Walking to End the Stigma Surrounding Alzheimer’s

Posted at 4:34 PM, Sep 17, 2019
and last updated 2019-09-17 16:34:05-04

LANSING, Mich. — Julie Duesing was introduced to the disease of Alzheimer's while working for an at-home caregiving company in Lansing. While first starting out in her career, she was not extremely familiar with Alzheimer’s disease. In order to better serve her patients, she quickly educated herself on the realities of the disease. Through this education, she not only was capable of learning a great deal about how to care for Alzheimer’s patients, but also about the vast prevalence among seniors and how it robs people of so much more than just memory.

Julie worked in the private home care profession for nearly five years and retired nearly four years ago. Very soon after she retired, she began to notice some warning signs within her own mother. One of the first signs was when they had attended one of her mother’s friend’s 90th birthday parties, and her mother had refused to thank the family for inviting her to the party. Julie had explained that her mother had raised her in a way where it was extremely important to thank others for their kindness. In that moment, Julie realized that something was really “off” with her mother.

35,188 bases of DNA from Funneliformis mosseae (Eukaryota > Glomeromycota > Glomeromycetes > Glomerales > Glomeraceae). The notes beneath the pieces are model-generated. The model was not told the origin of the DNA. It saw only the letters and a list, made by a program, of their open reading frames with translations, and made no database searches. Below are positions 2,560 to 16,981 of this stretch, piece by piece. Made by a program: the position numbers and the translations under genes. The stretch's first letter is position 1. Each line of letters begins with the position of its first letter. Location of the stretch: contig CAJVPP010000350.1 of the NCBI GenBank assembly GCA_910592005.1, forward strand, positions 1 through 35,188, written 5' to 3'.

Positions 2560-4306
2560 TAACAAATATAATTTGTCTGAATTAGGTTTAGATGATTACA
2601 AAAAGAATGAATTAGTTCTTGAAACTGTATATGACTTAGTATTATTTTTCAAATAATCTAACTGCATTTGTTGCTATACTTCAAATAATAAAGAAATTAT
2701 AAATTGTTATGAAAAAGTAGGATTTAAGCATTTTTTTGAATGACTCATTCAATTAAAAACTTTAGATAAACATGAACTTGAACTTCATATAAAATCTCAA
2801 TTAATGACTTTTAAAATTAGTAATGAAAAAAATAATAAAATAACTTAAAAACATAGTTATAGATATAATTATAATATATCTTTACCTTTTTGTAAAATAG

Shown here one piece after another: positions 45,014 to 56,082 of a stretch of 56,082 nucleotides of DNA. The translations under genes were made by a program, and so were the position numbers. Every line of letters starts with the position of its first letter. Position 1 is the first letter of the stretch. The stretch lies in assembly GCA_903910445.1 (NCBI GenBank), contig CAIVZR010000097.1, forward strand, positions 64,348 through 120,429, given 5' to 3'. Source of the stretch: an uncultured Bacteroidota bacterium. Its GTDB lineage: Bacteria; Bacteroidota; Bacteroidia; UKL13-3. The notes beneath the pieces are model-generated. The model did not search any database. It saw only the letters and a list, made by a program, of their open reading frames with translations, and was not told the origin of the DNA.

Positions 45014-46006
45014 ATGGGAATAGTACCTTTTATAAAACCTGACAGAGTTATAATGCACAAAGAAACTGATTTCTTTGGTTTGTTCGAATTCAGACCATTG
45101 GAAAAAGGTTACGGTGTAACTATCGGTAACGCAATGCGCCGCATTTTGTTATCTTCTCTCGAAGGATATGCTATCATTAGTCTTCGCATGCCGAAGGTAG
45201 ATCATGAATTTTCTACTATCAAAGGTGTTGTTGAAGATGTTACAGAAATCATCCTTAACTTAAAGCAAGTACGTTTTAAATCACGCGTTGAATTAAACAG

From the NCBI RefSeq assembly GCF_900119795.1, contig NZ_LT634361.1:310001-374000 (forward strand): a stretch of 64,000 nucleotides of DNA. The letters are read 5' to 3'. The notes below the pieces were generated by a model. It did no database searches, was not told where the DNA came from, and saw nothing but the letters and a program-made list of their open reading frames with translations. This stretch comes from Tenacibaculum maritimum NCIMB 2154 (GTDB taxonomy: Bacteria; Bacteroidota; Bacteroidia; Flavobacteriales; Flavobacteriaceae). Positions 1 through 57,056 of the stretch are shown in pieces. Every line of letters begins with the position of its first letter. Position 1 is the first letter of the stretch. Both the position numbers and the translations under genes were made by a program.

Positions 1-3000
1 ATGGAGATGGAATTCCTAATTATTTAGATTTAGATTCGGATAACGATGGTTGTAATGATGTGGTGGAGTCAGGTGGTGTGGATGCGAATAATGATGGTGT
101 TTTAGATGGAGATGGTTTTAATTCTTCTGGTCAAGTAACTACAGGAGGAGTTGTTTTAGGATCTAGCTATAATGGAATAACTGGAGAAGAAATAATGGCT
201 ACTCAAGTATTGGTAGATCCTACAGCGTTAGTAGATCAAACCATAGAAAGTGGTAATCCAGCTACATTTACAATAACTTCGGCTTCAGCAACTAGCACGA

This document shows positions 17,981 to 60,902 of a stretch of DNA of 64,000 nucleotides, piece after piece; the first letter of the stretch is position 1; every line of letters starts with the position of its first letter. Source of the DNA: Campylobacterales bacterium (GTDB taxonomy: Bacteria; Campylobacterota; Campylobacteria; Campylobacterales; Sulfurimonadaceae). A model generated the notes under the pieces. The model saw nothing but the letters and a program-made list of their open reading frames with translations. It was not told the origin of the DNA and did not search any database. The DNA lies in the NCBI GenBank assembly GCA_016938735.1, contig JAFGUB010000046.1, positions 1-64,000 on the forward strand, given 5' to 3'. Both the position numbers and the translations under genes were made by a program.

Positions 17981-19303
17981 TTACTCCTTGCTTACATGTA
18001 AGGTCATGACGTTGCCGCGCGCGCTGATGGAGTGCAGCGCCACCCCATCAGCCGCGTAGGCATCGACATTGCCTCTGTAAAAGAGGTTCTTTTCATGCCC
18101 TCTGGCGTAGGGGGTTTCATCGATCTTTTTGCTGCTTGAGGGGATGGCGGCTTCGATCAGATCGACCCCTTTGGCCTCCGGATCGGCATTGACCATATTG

Julie’s mother was an amazing woman. She was a seamstress, and she made all of her family’s clothes. She taught deaf children and mentally challenged adults. In her free time, she loved gardening, quilting, and repurposing items for new uses. This came from her love of treasure and bargain hunting, as she loved to attend flea markets and visit antique stores. Julie described her mother as incredibly resourceful, smart, creative, and adventurous - recalling the fact that her mother and father built their own home and did all of the wiring in the house, despite having no experience with doing so previously.